Several weeks into our isolation, a neighbor, Mrs. Paul Jones, rode her saddle horse six miles to our place. She had a fifty pound sack of flour tied behind the saddle and pockets full of yeast cakes (packaged yeast was not heard of yet). She said she was worried as no one from on the river had been out past their place since before the storm. I had plenty of flour and yeast so she rode on to the Lawrence Conrads and Jess Emrys. Her ride that day would have been thirteen or fourteen miles in deep snow. I'll bet her horse got an extra ration of feed that night. I will always remember her and her great act of thoughtfulness. What a good neighbor!

We were very fortunate that we lived where there was plenty of wood for cooking and heating. In the evenings we had lots of hot card games and other games for entertainment. We had raised a lot of popcorn so we shelled and popped some about every night.
I'm sure we were all more aware of the beauties of nature. There were lots of birds and the beautiful cardinals ate from a feeder outside our kitchen window. Even the snow was beautiful if you could look past the extra work it made.

I'm so thankful that we were some of the fortunate ones of the Blizzard of '49.

Shirley (Denny) Beasley

Yes I remember the blizzard of 49, was a fun time for us kids, my brothers and myself. Some of the snowdrifts were so high we could almost walk on top of some of the trees. My brother Ray and I went sleigh riding just outside of the front yard where the drifts were the highest. We had heard on the radio that they were dropping feed for the cattle and food if it was needed, so I decided to lay down in the snow and make a snow angel without my parents knowledge. Guess what? An airplane landed and ask what we needed, my Dad said -- "Nothing". I remember getting much more than a light spanking. I did learn my lesson.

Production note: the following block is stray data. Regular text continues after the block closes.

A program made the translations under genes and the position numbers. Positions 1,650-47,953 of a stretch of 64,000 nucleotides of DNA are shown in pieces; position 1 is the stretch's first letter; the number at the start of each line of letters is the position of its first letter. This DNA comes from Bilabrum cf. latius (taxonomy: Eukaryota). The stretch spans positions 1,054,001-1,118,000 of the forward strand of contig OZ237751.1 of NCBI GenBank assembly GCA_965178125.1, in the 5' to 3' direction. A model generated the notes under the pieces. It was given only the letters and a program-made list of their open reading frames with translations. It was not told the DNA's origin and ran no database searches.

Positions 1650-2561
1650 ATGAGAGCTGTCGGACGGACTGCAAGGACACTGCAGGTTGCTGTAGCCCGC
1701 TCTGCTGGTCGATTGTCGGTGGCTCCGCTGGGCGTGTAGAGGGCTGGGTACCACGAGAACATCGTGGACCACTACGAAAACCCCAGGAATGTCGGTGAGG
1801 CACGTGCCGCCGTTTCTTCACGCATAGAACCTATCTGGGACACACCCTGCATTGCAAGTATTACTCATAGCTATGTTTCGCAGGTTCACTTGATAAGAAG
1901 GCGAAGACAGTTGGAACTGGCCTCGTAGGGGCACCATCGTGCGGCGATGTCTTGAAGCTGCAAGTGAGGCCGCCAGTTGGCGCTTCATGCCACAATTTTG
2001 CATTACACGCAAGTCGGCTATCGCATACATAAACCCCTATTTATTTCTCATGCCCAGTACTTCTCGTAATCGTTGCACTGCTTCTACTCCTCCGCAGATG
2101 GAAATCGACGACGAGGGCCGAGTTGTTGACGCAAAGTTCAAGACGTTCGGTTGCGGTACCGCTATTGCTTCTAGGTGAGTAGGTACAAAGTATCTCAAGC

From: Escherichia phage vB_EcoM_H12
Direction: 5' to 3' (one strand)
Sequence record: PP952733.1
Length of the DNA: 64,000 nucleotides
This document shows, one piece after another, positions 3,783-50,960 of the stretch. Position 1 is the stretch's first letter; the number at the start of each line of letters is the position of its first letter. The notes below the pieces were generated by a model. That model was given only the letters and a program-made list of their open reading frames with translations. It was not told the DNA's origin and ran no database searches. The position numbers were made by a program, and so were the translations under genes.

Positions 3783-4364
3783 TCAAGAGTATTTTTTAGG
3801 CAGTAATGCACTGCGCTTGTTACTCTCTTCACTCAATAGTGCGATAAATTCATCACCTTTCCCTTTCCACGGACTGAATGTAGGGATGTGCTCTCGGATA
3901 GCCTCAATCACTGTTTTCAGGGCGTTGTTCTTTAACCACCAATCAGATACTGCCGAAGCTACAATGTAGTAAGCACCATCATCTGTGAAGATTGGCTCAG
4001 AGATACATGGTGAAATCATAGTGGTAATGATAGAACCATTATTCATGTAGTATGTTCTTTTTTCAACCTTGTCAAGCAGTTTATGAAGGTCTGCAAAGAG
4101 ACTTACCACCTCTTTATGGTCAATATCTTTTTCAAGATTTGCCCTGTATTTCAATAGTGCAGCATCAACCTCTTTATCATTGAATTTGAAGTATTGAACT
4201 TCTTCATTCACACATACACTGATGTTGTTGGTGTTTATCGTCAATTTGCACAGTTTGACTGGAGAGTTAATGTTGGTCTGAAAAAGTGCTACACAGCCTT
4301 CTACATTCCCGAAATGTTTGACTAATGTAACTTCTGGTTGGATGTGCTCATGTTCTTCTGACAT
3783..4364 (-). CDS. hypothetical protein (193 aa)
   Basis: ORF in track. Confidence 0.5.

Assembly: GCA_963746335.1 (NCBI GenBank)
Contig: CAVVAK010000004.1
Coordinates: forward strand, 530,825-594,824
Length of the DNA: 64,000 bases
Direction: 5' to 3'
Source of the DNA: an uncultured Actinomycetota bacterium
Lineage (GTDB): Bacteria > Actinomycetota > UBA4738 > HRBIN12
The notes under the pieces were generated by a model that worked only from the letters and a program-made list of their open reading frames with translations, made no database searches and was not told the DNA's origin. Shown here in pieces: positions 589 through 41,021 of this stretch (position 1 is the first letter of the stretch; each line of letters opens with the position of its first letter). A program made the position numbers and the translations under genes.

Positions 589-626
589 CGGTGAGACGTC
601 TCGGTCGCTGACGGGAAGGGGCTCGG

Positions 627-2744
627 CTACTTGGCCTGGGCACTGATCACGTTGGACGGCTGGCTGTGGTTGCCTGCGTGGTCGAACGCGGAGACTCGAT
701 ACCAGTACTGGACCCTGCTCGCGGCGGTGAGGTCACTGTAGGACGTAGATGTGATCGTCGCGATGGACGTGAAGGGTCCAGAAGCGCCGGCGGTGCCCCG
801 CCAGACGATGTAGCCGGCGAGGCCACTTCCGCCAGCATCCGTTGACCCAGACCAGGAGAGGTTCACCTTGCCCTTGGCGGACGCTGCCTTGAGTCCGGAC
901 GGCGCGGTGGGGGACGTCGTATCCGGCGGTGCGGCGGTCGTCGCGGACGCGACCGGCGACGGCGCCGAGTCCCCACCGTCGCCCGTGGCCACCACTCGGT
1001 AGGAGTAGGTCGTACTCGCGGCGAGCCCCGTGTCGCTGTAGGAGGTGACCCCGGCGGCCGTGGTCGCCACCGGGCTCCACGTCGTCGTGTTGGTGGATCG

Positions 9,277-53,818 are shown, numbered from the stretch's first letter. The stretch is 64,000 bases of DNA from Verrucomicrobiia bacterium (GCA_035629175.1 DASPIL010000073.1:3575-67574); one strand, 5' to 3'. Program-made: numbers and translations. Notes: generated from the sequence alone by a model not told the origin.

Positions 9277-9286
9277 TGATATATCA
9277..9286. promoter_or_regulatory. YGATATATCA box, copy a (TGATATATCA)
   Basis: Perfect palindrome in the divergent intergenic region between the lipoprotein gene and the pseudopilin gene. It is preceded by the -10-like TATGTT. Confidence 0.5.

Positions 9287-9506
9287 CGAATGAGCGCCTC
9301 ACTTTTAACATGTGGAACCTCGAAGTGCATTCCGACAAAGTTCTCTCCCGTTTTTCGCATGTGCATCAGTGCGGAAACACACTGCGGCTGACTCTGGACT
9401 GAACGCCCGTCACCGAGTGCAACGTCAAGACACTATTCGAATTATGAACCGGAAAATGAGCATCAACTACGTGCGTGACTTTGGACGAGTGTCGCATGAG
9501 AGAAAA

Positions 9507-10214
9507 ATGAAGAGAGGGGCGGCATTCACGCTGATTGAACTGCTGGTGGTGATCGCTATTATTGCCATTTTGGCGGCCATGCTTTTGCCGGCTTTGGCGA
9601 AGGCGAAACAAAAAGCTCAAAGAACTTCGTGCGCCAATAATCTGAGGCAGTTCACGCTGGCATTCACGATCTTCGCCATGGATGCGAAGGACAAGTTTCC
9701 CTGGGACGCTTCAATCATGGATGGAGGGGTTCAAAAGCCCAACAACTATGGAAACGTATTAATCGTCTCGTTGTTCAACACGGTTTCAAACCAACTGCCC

Sandra (Masters) Propst

I had just turned seven the first of the year and my brother Dan was a baby. We lived in the second house south of the highway on Osborne Street. It was a two story, white frame house with the bedrooms upstairs with windows facing the south. By the time the snow finally quit falling that winter, there was a drift that extended from the bottom of the second story window to the property line. In the following years, I often thought of that drift and wondered if I could have tunneled through if I'd been older and more adventurous. 

At the time, Masters Nite 'n Day had an auto dealership and one type of vehicle they sold was Jeep. My father, Paul Masters, spent many hours during those storms delivering groceries and prescriptions to people, and those Jeeps were not known for their heating capabilities. He would be at Master's Lube waiting for phone calls from people asking for help, and when one came he would be on his way. We didn't see a lot of him during that time, and didn't even realize how serious the situation was till years later when we were older. Living in town as we did was really a blessing.


Jeryce (Meyers) Russell

The Blizzard of 1948 to 1949 started right around Thanksgiving with a storm and then several storms in December just practicing for the "big one" that started on New Year’s Day and really got worse with each following day. 

My parents Don & Irene Myers had the Midwest Furniture Store and Midwest Hotel. We had an apartment in the hotel that was fairly large for the times as we had 3 bedrooms. My daddy always joked during bad weather that he didn't have to worry about shoveling snow to get the car out to get to work. All he had to do was walk across the lobby of the hotel and go in the store, which was in the same building.

By the second day of the big blizzard, he really started to moan and groan as the drifts were getting so tall that no one could get in the front door of the furniture store let alone make a purchase. Clay Patterson worked for us and lived on the third floor studio apartment in the hotel. Clay was very strong and a really hard worker so he was reassigned from the furniture store to "in charge of snow removal".

We had a tunnel dug into the hotel lobby and a tunnel that put us to the back of the hotel so we could get to the basement and laundry room. By now the hotel maid Nellie Yeoman and laundry lady Mrs. Berger were snowed in and couldn't get to work. I was reassigned from a H. S. student to the assistant hotel maid and laundry person. My mom had taken this job and she was a tough boss.